Wednesday, August 3, 2011

A Different Kind of Family

My skin is varying shades of light depending on the season.  In the summer I crave the bronzing effect of the sun to scare away the pasty white pallor that sets in over the winter, but even when I do not heed the warning of the medical field and sit in the sun for hours, you wouldn't think I was anything but Caucasian.  My soon-to-be son, however, does not have my complexion.  His skin is the color of smooth coffee, distinctly different in shade from either Andrew or myself.

Before becoming a transracial family I did not think much of the fact that we would most likely be welcoming a child of color into our home.  Race was not an issue for Andrew and I in adoption.  I underestimated the fact that this is not always the case for others.  Sure, people might be curious when they see us together but this is the 21st Century!  I didn't realize that people's curiosity would often lead to prying questions and condescending assumptions.

It has been just over a month since we met our little guy and only 2 1/2 weeks since he moved in full-time and we have already encountered the world's perspective on race.  Although the courts have yet to make it final, he is already our son in our hearts and we just feel like a normal family until people stare at us in public...then I more or less feel like a normal family with weird people staring at us. 

The fact is that people are very blatant with their curiosity, even in this age of political correctness.  Yesterday, while standing in line at the bank in our community a man asked me if our little guy was my son.  Clearly he was just a little curious and making conversation, but, really?  "What do you think?" I want to say as my big Mom-bag weighed down my shoulder and I'm telling him to stop running around and stand next to me every few seconds.  However, I smiled and kindly answered in the affirmative.

A few weeks ago a lady approached us and asked if we had adopted.  "Where is he from?," she asked.  When we said he was from "here" she almost looked disappointed, expecting us to say Ethiopia or something I suppose.  And, on yet another day, a couple told us "It looks like you do so well with him."  Um, he's our kid, should we not do well with him?  We just smiled and nodded as we walked by.

On one hand the opportunity as a family to live out God's call to be the Body of Christ with no categories or divisions is exciting.  I pray that our family will be a beacon of light and love and that we can be a part of breaking down barriers in the world and in our community and, sadly, in the church as well.  

But, on the other hand, it makes me feel protective of my soon-to-be son, even defensive.  I know there will be a day, sooner than I think, when our son looks at me and asks, "Why isn't our skin the same color?" and one day after that, when he asks again he won't so readily accept the answer, "Because God made us that way."  As he gets older, when someone indelicately asks me in public if he is my son, I dread what look I might see in his eyes.  Will he be ashamed, thinking there is something wrong with him?  Will he be frightened and confused, wondering if the color of his skin could ever make him not my own?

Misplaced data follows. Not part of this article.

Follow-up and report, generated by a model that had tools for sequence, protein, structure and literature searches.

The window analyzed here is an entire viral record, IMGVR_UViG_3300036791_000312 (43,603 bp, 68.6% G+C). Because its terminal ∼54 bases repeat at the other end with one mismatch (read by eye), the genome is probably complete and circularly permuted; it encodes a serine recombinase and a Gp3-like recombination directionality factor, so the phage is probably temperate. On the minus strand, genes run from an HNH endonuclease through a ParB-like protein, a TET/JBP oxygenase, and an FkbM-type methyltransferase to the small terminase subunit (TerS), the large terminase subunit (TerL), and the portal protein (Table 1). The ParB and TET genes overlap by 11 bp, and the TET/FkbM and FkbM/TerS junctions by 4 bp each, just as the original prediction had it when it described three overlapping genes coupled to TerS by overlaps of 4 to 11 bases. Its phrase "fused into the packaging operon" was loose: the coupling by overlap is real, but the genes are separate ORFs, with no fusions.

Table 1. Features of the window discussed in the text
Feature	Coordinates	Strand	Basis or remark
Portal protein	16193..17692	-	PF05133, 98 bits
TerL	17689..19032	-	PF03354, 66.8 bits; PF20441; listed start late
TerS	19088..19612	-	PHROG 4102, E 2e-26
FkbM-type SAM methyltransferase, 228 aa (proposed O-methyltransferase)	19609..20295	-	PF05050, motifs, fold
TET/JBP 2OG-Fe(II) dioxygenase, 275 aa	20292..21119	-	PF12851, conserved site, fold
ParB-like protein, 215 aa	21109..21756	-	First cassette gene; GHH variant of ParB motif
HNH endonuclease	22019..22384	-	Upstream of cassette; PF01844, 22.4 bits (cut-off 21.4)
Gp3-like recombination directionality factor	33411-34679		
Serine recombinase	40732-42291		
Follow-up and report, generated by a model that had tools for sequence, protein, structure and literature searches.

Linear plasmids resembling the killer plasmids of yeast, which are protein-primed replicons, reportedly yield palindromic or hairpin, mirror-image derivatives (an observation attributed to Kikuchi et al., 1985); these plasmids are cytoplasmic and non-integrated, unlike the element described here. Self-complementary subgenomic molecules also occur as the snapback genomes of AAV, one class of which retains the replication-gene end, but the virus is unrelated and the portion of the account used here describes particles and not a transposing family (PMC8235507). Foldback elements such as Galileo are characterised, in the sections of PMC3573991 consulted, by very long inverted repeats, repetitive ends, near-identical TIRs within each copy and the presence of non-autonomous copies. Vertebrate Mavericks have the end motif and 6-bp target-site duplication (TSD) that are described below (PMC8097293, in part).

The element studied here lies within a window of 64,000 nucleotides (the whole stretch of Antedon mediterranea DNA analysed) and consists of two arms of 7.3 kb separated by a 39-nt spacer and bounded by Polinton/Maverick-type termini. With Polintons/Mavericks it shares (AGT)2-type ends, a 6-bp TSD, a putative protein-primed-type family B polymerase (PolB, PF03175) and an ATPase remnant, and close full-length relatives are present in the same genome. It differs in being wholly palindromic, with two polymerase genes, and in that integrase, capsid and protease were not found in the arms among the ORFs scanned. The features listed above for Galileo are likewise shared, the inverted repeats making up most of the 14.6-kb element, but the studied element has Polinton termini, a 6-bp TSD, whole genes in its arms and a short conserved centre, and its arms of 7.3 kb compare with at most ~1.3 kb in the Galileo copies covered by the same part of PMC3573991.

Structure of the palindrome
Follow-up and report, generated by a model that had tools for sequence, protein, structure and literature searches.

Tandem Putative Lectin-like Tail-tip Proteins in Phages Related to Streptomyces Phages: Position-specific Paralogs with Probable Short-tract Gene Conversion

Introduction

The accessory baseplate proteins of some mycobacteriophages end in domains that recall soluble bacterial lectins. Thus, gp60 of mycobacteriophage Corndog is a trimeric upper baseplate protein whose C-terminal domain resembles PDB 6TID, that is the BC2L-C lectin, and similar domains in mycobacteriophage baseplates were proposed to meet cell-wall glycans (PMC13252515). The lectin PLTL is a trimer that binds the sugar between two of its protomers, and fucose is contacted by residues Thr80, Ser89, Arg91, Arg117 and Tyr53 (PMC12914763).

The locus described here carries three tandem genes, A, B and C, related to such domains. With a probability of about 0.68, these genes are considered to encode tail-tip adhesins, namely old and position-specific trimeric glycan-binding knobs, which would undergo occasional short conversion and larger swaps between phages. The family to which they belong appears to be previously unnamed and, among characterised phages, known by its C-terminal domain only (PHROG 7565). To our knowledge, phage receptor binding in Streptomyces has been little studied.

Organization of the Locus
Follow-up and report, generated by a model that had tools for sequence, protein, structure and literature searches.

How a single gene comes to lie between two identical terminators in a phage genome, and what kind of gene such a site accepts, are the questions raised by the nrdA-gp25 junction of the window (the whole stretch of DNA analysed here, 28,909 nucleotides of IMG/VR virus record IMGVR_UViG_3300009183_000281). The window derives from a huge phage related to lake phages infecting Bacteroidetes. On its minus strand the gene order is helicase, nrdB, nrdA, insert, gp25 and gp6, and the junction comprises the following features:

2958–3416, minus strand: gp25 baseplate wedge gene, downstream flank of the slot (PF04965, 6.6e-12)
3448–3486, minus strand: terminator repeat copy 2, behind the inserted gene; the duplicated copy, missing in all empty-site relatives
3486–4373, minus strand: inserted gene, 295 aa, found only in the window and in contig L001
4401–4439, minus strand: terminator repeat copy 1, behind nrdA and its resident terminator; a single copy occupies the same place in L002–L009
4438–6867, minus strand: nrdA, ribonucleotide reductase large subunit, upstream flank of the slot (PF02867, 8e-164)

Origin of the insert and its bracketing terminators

I want race to matter to my son in all of the positive ways and none of the negative.  I want him to embrace his beautifully dark skin and celebrate his ethnic heritage and identify with people doing awesome things in the world that look just like him.  I also want him to never think he is anything different than an expression of God's awesome creativity and to never feel alienated or of lesser value in the world and the Kingdom of God.

Life's harsh realities won't always allow this to be the case, but I pray that God gives Andrew and I grace as people point out in front of everyone (including our child) that he looks different than us and I pray that God will give our little guy a strength of purpose and security in our love but most importantly in God's love that will never allow him to be shaken.

There are beautiful things ahead for our family and my greatest hope is that we navigate the challenges in such a way that glorifies the Creator of all people, the Artist that uses so many colors to declare His vast beauty.   I pray that as our family grows people won't just see how different our skin is but how alike our hearts for Jesus are.  I want people to notice that our family is different, but not because we check different boxes when asked our race, but because we are a family on mission for the Lord bringing God's healing and love in a broken world.


  1. Funny how things like that confuse people. I've had friends in adopted families and known plenty of parents with kids of different colors. Or families of mixed race. It always makes me smile. I know there will be moments that won't be easy, and you're right -- that question probably will come up. But with your affirmation -- and the affirmation of friends and family members and neighbors, I think your little guy is going to know he is loved. And I think any shame that is felt will only be temporary. You are family -- and that's the best kind of dysfunction there is =0)

  2. What a beautiful message. We need to be reminded of our uniqueness in Christ and that our Loving Father looks only at our hearts. May the day come when we as His people will view one another as He does and not stop and stare when families happen to look "different" through the world's eyes. Thank you again for blessing me with your words.